- UPS Airlines Flight 6, a crash caused by the thermal runaway of its lithium-ion battery cargo.
- "Dreamliner: Boeing 787 planes grounded on safety fears". BBC News. January 17, 2013. Retrieved January 17, 2013.
- "Accident: ANA B788 near Takamatsu on Jan 16th 2013, battery problem and burning smell on board". Aviation Herald. Retrieved February 8, 2013.
- Mouawad, Jad (December 1, 2014). "Report on Boeing 787 Dreamliner Batteries Assigns Some Blame for Flaws". The New York Times. Retrieved 1 Dec 2014.
- "Boeing: Problems with 787 Dreamliner "Normal"". Frequent Business Traveler. December 16, 2012. Retrieved December 16, 2012.
- "Fire aboard empty 787 Dreamliner prompts investigation". CNN. January 8, 2013. Retrieved January 8, 2013.
- "Second faulty Boeing Dreamliner in Boston". BBC. January 8, 2013. Retrieved January 8, 2013.
- "U.S. Opens Dreamliner Safety Probe". The Wall Street Journal. January 9, 2013. Retrieved January 9, 2013.
- Topham, Gwyn (January 11, 2013). "Boeing 787 Dreamliner to be investigated by US authorities". The Guardian. London. Retrieved January 11, 2013.
- Mukai, Anna (January 15, 2013). "Japan to Investigate Boeing 787 Fuel Leak as FAA Reviews". Bloomberg. Retrieved January 20, 2013.
- "全日空Ｂ７８７型機から煙 乗客避難・高松空港". NHK. January 16, 2013. Retrieved January 16, 2013.
- "Top Japan airlines ground Boeing 787s after emergency". BBC. January 16, 2013. Retrieved January 16, 2013.
- "A Boeing 787 plane makes an emergency landing in Japan". BBC. January 16, 2013. Retrieved January 16, 2013.
- Iain Thomson (25 January 2013). "Boeing 787 fleet grounded indefinitely as investigators stumped". The Register. Retrieved 8 February 2013.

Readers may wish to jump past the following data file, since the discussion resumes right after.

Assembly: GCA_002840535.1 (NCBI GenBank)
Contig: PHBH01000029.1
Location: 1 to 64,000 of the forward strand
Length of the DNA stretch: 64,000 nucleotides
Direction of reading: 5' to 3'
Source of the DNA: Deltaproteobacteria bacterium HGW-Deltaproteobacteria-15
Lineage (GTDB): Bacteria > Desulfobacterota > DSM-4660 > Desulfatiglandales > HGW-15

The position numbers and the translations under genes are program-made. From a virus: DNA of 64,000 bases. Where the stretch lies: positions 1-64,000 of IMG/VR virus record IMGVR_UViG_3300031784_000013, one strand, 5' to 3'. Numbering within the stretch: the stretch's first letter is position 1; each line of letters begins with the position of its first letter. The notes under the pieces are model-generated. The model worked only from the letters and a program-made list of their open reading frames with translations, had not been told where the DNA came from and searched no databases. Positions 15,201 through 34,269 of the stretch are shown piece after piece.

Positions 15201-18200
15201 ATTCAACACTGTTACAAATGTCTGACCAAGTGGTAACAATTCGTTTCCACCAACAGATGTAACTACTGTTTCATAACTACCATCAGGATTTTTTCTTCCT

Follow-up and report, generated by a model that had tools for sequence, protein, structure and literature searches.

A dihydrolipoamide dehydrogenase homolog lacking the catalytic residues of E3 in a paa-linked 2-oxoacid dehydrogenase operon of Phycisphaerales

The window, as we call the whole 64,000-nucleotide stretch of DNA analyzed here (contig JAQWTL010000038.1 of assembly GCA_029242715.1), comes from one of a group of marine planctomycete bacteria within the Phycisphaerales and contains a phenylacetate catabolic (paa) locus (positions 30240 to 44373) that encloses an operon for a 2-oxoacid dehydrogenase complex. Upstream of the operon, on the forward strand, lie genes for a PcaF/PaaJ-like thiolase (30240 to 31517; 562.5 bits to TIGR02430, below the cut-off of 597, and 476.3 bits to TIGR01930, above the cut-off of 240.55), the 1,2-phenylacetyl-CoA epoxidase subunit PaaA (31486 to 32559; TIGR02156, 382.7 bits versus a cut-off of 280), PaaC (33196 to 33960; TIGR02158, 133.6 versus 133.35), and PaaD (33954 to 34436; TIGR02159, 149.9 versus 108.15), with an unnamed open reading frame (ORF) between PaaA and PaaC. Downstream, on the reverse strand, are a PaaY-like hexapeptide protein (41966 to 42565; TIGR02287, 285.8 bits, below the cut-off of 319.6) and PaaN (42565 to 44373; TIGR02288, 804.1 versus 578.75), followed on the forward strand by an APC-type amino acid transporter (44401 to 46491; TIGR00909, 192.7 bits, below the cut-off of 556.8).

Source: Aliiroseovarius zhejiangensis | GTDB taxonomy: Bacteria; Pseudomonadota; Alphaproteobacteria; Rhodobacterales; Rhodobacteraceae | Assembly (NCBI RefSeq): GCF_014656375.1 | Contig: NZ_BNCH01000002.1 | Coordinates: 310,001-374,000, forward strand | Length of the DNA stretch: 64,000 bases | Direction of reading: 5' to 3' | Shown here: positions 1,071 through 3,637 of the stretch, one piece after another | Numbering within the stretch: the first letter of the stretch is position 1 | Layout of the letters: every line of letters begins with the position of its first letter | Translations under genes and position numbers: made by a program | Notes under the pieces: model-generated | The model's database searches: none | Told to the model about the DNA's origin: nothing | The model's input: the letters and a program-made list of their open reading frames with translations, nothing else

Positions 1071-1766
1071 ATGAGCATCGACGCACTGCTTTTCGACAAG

- "Boeing 787's battery woes put US approval under scrutiny". Business Standard. 2013-01-23. Retrieved 2013-02-22.
- Ostrower, Jon (2013-02-11). "Microscopic 'Dendrites' a Focus in Boeing Dreamliner Probe - WSJ.com". Online.wsj.com. Retrieved 2013-02-22.
- "Japan Airlines: Smoke seen coming from Boeing 787 Dreamliner battery". CBS News. 2014-01-14. Retrieved 2014-01-14.
- "Boeing 787 aircraft grounded after battery problem in Japan". BBC News. January 14, 2014. Retrieved January 16, 2014.
- "No damage to JAL 787 in battery incident". Flight International. January 15, 2013. Retrieved January 16, 2014.
- "Japan Airlines Boeing 787 grounded after battery leaks and lets off smoke". The Guardian. Retrieved 15 January 2014.
- "Japanese airlines ground Boeing 787s after emergency landing". Reuters. January 16, 2013. Retrieved January 16, 2013.
- McCurry, Justin (January 16, 2013). "787 emergency landing: Japan grounds entire Boeing Dreamliner fleet". The Guardian. London. Retrieved January 16, 2013.
- "Boeing Dreamliners grounded worldwide on battery checks". Reuters. January 17, 2013. Retrieved January 21, 2013.
- "FAA Press Release". Federal Aviation Administration. January 16, 2013. Retrieved January 17, 2013.
- "Thales selects GS Yuasa for Lithium ion battery system in Boeing's 787 Dreamliner" (PDF). GS Yuasa. Retrieved January 18, 2013.